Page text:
29 April 2005 Statistically based spatially adaptive noise reduction of planar nuclear studies
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The data-driven Pixon noise-reduction method is applied to nuclear studies. By using the local information content, it preserves all statistically justifiable image features without generating artifacts. Statistical measures provide the user a feedback to judge if the processing parameters are optimal. The present work focuses on planar nuclear images with known Poisson noise characteristics. Its ultimate goals are to: (a) increase sensitivity for detection of lesions of small size and/or of small activity-to-background ratio, (b) reduce data acquisition time, and (c) reduce patient dose. Data are acquired using Data Spectrum’s cylinder phantom in two configurations: (a) with hot and cold rod inserts at varying total counts and (b) with hot sphere inserts at varying activity-to-background ratios. We show that the method adapts automatically to both hot and cold lesions, concentration ratios, and different noise levels and structure dimensions. In clinical applications, slight adjustment of the parameters may be needed to adapt to the specific clinical protocols and physician preference. Visually, the processed images are comparable to raw images with ~16 times as many counts, and quantitatively the reduced noise equals that obtained with ~50 times as many counts. We also show that the Pixon method allows for identification of spheres at low concentration ratios, where raw planar imaging fails and matched filtering underperforms. Conclusion: The Pixon method significantly improves the image quality of data at either reduced count levels, or low target-to-background ratios. An analysis of clinical studies is now warranted to assess the clinical impact of the method.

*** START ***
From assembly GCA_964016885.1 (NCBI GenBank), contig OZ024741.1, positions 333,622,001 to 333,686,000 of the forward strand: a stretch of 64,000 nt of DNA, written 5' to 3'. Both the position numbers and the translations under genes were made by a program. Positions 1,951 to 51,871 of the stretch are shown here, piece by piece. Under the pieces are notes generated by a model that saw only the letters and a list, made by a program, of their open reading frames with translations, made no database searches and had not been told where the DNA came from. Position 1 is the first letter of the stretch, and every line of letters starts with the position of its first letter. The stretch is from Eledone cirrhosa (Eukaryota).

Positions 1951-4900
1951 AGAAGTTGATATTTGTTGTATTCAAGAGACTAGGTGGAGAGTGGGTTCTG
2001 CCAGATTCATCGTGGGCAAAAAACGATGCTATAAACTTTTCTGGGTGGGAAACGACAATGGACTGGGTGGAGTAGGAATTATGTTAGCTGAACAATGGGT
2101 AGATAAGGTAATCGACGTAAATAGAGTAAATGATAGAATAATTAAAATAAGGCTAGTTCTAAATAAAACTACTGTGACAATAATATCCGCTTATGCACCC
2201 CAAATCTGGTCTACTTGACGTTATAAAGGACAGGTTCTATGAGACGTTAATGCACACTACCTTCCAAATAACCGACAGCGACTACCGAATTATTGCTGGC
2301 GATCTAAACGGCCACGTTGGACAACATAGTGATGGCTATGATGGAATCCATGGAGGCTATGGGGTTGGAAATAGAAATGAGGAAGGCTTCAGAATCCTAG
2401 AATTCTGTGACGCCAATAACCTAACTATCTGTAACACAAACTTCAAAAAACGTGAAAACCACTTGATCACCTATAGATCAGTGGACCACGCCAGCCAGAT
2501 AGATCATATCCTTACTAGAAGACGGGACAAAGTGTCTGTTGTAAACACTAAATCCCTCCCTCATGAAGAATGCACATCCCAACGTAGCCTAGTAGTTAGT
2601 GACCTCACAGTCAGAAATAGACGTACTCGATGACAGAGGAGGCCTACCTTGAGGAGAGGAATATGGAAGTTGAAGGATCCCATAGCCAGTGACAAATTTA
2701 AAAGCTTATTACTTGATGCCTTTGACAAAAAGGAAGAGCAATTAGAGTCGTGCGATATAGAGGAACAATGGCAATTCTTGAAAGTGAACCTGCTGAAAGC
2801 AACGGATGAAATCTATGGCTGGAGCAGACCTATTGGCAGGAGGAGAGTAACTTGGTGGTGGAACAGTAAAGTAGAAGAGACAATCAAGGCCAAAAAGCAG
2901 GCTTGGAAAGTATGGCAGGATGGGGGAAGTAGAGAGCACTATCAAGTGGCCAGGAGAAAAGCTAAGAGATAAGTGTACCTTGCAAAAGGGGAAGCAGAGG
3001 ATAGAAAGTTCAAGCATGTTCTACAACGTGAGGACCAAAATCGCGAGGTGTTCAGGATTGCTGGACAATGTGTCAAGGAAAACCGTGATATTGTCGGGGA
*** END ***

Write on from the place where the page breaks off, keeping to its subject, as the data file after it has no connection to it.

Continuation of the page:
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A. Hans Vija, A. Hans Vija, Timothy R. Gosnell, Timothy R. Gosnell, Amos Yahil, Amos Yahil, Eric G. Hawman, Eric G. Hawman, John C. Engdahl, John C. Engdahl, } "Statistically based spatially adaptive noise reduction of planar nuclear studies", Proc. SPIE 5747, Medical Imaging 2005: Image Processing, (29 April 2005); doi: 10.1117/12.595679; https://doi.org/10.1117/12.595679


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